VA loans have some of the most relaxed guidelines out of any program in the industry today. They don’t focus on credit scores or debt ratios, but can you have too much debt and not get approved?
While the VA doesn’t ‘focus’ on debt ratios, they do like to see veteran’s debt ratios no higher than 41% of their gross monthly income. This is the total debt ratio, which includes all housing, credit cards, installment loans, and student loan payments. The VA wants to know that you have enough money left over each month to cover the daily cost of living – this is their focus.
Understanding the VA Debt Ratio Requirements
As we stated above, the VA requires a max 41% debt ratio, but they often allow ratios as high as 43%. There’s a catch, though. If you have a DTI that is 41% or lower, you only need to meet the minimum disposable income requirements for your area and family size
If you have a DTI that is higher than 41% of your gross monthly income, you may still get approved, but you must meet higher disposable income requirements. Typically, the VA requires that you have 20% more disposable income than is required for your area/family size in order to account for the higher debt ratio.
What is Your Debt Ratio?
Do you know your debt ratio? You may want to figure it out if you want to see if you qualify for VA financing. While you may not come up with the exact number that the VA does, you’ll have a general idea of how much money you spend versus what you make.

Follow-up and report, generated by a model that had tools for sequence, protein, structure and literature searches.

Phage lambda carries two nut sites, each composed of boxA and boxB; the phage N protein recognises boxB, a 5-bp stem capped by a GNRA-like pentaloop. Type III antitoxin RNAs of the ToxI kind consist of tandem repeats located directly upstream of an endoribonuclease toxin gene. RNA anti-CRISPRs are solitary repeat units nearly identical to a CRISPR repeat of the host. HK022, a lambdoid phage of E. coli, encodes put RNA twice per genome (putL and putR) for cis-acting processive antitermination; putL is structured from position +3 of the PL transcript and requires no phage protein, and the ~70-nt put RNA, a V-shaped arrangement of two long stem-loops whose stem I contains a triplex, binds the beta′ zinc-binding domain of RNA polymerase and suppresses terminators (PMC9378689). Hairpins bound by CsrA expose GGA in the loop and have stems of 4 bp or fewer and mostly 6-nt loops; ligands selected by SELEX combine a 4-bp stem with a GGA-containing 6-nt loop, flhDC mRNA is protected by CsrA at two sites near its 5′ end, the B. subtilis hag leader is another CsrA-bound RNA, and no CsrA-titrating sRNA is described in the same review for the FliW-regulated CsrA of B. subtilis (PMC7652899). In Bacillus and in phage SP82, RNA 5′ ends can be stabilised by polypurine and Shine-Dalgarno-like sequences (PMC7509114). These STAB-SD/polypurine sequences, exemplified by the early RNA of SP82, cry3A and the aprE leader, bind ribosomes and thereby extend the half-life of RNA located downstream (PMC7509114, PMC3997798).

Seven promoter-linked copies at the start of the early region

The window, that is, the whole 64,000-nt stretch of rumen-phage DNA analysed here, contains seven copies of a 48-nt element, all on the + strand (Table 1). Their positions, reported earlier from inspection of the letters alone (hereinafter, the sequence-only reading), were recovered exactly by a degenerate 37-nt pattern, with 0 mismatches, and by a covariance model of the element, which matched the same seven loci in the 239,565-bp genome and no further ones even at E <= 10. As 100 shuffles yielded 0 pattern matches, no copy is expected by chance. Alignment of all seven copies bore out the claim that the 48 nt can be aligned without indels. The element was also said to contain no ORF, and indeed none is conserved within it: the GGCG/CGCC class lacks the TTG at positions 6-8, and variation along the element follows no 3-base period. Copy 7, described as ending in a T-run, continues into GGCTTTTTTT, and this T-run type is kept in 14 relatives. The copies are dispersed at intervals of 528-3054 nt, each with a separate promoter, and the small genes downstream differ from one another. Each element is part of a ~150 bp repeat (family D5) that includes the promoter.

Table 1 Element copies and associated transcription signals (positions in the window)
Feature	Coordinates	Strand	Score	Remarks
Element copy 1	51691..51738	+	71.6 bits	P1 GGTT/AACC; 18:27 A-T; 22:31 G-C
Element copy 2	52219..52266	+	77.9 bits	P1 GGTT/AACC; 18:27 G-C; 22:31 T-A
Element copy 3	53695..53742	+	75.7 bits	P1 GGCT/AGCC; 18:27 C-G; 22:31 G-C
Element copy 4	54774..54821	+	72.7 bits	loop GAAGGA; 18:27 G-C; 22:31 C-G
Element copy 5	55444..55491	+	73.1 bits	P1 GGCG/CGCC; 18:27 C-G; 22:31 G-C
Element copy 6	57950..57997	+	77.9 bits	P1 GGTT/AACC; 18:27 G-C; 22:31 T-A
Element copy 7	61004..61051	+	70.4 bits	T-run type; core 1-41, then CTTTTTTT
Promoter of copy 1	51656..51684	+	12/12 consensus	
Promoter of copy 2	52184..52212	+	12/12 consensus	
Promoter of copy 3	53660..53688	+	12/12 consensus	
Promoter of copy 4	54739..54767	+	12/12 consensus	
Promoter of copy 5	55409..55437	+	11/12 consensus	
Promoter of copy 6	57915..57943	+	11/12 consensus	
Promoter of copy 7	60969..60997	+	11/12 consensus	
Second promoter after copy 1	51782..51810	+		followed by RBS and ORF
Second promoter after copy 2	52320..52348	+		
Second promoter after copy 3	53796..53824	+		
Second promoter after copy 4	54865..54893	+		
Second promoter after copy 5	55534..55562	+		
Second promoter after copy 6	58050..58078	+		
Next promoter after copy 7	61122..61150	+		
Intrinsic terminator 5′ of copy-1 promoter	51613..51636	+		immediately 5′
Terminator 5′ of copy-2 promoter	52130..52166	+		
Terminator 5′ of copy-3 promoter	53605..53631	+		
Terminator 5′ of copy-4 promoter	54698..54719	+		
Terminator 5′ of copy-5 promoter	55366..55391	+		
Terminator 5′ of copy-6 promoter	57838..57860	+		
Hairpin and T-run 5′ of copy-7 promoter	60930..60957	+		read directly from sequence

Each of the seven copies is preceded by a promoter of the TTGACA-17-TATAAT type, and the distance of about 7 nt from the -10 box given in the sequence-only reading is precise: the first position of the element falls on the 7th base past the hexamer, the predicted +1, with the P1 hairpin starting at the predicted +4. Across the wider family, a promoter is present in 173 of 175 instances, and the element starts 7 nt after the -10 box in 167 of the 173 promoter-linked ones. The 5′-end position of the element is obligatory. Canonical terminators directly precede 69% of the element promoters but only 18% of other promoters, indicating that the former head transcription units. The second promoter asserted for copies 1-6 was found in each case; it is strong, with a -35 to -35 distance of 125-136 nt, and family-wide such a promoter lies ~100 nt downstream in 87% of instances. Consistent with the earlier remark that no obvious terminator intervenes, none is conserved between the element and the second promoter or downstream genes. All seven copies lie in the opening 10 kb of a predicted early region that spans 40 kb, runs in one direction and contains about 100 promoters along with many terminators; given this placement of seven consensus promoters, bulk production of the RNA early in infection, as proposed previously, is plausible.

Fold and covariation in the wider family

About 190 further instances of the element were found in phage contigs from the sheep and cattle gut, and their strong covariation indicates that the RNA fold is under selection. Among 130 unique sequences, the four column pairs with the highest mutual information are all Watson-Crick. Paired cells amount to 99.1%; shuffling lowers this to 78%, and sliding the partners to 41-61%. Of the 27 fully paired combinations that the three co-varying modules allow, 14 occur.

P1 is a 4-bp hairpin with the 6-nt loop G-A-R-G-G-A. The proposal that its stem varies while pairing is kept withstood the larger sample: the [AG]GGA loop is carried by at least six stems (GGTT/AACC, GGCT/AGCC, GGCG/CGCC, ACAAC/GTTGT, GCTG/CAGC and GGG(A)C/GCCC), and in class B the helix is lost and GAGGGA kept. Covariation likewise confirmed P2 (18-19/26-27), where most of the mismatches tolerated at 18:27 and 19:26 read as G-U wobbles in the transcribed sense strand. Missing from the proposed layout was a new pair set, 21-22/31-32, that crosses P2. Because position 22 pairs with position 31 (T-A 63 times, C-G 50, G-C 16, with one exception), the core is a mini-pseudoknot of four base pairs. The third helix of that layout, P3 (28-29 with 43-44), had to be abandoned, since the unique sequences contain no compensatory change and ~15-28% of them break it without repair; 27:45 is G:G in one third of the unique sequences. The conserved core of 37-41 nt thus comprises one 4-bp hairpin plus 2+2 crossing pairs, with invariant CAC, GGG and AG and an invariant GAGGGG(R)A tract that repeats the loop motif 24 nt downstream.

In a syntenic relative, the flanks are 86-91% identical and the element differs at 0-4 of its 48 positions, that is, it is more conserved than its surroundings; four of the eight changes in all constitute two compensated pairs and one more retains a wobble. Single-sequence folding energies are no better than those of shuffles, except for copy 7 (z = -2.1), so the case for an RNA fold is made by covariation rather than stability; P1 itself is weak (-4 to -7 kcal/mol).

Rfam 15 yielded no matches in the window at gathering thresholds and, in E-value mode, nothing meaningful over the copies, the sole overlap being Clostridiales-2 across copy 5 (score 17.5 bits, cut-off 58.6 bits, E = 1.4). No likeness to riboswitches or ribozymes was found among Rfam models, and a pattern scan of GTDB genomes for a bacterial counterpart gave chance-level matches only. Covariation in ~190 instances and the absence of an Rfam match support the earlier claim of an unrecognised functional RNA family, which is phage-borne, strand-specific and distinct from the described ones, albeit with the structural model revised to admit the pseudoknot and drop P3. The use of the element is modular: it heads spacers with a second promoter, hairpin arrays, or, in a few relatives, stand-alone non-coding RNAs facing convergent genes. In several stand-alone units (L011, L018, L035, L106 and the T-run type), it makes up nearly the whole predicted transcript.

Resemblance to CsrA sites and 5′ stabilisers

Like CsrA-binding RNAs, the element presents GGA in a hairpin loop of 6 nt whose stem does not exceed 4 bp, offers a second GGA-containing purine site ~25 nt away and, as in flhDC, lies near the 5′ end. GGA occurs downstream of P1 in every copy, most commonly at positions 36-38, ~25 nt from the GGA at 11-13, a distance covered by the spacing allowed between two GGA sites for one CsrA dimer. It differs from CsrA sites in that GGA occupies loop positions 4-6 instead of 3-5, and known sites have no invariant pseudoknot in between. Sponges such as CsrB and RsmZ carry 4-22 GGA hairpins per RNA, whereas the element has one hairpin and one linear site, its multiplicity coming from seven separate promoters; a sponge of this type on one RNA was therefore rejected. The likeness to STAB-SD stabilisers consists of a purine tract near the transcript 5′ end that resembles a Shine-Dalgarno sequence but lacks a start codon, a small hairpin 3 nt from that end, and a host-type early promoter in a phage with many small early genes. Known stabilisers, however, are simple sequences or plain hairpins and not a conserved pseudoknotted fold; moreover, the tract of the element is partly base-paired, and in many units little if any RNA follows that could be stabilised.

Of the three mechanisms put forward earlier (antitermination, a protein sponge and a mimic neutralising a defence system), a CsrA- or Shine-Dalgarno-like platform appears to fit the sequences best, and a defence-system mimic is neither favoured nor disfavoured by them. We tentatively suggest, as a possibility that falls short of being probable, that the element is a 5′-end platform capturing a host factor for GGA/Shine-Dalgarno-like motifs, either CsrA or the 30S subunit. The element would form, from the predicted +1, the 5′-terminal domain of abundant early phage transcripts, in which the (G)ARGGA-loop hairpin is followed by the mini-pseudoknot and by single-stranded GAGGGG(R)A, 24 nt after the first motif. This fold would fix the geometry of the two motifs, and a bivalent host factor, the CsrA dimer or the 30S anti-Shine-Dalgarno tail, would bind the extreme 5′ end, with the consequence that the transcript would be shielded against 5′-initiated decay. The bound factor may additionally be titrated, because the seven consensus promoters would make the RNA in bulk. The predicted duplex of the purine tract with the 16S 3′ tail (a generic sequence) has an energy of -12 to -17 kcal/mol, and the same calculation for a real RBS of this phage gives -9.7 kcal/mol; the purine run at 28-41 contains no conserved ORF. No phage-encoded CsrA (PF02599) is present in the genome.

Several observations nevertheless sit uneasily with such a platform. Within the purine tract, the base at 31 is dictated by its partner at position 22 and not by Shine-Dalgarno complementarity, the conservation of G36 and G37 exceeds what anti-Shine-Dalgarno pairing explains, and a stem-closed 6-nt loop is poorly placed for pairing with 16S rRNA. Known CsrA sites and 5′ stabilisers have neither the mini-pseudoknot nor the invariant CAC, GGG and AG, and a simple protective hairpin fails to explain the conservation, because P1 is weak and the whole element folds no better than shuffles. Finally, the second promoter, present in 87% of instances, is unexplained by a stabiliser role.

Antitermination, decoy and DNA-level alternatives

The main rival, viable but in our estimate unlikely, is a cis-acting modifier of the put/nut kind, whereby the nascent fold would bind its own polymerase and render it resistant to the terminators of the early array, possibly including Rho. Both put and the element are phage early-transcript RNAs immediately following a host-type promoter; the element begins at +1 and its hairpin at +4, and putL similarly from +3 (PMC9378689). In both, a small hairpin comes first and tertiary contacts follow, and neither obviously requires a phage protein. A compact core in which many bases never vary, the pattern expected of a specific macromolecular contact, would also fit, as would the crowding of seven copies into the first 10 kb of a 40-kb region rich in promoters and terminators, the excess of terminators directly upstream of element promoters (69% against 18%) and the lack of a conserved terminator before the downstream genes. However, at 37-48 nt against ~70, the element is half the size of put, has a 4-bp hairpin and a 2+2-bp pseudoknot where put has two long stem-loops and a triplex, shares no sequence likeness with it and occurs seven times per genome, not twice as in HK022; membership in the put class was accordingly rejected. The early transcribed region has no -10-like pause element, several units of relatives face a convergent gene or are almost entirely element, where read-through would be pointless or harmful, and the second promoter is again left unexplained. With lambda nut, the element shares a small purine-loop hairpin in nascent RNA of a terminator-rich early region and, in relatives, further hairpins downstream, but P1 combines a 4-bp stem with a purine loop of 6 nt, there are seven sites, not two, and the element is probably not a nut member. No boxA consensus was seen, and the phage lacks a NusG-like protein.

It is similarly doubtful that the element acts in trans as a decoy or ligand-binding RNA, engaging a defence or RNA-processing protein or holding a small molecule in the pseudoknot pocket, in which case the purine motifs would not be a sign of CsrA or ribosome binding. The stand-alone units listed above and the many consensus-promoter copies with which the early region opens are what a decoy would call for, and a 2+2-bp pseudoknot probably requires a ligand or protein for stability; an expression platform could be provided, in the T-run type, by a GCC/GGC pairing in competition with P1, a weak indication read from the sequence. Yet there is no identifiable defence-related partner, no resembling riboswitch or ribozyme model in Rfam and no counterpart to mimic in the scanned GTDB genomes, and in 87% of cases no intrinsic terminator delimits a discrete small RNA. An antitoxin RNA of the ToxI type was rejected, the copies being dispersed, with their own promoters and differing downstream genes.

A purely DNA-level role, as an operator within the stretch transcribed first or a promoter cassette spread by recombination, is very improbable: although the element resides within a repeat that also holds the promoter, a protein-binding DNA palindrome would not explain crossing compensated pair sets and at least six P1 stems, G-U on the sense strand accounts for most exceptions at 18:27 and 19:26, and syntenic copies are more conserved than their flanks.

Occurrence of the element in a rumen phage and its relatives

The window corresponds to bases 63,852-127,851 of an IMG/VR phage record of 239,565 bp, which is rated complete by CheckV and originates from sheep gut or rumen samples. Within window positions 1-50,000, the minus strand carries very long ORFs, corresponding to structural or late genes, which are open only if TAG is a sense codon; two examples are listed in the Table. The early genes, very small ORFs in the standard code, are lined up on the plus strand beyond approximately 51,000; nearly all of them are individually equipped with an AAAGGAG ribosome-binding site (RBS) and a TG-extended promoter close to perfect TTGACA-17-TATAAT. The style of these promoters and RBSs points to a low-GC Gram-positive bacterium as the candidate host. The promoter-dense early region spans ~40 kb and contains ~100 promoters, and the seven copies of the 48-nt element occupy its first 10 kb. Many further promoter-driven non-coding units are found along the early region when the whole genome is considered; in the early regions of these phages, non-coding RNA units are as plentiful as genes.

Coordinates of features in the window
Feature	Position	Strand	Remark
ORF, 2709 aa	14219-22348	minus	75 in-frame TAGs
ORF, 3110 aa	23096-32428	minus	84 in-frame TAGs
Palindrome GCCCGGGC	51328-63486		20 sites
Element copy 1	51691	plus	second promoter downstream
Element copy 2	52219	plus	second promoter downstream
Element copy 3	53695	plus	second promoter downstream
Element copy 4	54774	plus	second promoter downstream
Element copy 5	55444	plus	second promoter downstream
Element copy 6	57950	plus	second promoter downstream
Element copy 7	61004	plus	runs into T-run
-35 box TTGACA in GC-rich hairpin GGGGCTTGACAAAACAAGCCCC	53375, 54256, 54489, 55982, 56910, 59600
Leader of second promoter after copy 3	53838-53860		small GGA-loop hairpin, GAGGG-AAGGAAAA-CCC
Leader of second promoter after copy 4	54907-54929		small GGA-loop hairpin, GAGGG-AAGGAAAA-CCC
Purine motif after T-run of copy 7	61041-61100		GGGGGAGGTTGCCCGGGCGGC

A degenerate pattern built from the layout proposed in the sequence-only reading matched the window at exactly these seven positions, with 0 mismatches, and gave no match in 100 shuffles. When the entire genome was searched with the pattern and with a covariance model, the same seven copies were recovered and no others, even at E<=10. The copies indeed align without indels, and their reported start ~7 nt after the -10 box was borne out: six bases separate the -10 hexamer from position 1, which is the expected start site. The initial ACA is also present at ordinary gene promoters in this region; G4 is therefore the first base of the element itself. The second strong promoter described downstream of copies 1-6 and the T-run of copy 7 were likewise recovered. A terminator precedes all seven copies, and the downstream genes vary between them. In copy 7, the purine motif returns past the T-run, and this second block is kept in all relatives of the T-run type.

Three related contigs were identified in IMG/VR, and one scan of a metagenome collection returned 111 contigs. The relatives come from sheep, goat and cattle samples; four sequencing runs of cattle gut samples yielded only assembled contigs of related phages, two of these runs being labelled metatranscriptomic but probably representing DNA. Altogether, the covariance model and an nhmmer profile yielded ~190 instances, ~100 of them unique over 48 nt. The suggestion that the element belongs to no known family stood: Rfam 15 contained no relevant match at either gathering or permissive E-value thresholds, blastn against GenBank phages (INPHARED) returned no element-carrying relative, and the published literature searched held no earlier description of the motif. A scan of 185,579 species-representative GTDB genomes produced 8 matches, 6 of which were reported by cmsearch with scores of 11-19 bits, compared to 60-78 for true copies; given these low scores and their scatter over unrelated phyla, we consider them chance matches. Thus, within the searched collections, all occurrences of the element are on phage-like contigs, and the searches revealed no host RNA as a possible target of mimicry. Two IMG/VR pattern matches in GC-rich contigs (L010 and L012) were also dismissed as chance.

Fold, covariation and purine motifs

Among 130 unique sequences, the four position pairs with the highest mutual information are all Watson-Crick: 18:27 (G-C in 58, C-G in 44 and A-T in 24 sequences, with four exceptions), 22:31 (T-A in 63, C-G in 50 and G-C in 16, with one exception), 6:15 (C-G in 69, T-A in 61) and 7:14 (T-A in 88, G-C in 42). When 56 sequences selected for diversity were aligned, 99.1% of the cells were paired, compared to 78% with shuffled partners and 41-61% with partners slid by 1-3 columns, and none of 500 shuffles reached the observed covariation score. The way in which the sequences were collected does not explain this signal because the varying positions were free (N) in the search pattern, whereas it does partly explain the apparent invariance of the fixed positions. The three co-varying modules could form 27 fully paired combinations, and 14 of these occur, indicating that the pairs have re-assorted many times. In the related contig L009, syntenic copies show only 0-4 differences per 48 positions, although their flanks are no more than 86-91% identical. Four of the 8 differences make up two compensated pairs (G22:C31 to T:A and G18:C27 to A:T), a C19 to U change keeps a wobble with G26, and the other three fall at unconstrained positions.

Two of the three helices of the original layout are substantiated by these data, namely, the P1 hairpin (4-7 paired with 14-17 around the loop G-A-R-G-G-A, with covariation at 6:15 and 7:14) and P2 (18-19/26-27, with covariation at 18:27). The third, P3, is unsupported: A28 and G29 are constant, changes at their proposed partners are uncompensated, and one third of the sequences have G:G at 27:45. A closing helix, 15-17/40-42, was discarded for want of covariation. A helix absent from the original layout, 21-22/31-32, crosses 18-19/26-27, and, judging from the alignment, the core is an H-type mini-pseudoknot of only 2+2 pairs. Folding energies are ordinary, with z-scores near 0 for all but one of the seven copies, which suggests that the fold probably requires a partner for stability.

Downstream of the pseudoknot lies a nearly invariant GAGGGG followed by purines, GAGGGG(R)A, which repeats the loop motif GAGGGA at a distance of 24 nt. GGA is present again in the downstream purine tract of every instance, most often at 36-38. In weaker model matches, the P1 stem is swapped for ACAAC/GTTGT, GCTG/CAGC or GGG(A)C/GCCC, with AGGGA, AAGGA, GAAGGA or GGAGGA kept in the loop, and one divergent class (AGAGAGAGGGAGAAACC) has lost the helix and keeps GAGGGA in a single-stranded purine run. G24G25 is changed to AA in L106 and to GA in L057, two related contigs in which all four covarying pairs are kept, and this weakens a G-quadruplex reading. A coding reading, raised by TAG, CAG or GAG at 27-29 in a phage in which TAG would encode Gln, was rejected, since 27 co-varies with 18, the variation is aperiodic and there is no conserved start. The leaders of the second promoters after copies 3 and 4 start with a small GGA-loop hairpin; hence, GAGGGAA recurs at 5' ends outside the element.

Your debt ratio takes into account the following types of payments:
- Housing (principal, interest, taxes, and homeowner’s insurance)
- Car payments
- Student loan payments
- Minimum credit card payments
- Personal loan payments
They don’t take into account things like utility bills, groceries, or tuition payments. This gets figured into your ‘daily cost of living’ and is accounted for with your disposable income. That’s why the VA puts such emphasis on your disposable income. They want to know that you can afford your housing payment, your other monthly obligations, and the daily cost of living without a doubt. This helps to limit your risk of default.
You can figure your debt ratio by determining the total of all of the payments discussed above, including the potential housing payment if you get the VA loan. You then divide that total by your gross monthly income. This is your income before your employer takes out taxes. The result is your debt ratio and it should be less than 41% if you can help it.
The Overall VA Approval
Like we stated above, the VA doesn’t put a lot of emphasis on the debt ratio, but they do look at it. They want to know that you can afford the housing payment. They also look at the big picture, though. They want to know your risk of default looking at everything, which includes your credit score, DTI, disposable income, and your assets.
For example, if you have an exceptionally high credit score, but your debt ratio is close to the 41% maximum, you may still be able to qualify. The higher credit score lets lenders know that you are financially responsible. They may not worry as much if you have a higher DTI because you are likely to make your payments on time.
The same is true if you have a large amount of assets on hand. Lenders call these reserves. They determine the amount of your reserves based on the number of months of mortgage payments it will cover. For example, if you have $5,000 and your mortgage payment is $1,000, you have 5 months of reserves. This can help offset other negative aspects of your loan application.
The VA does have a maximum debt ratio that you should follow, but it’s not the only factor. While you should minimize your debts as much as possible, put more focus on your disposable income to make sure that you qualify for the VA loan that you need.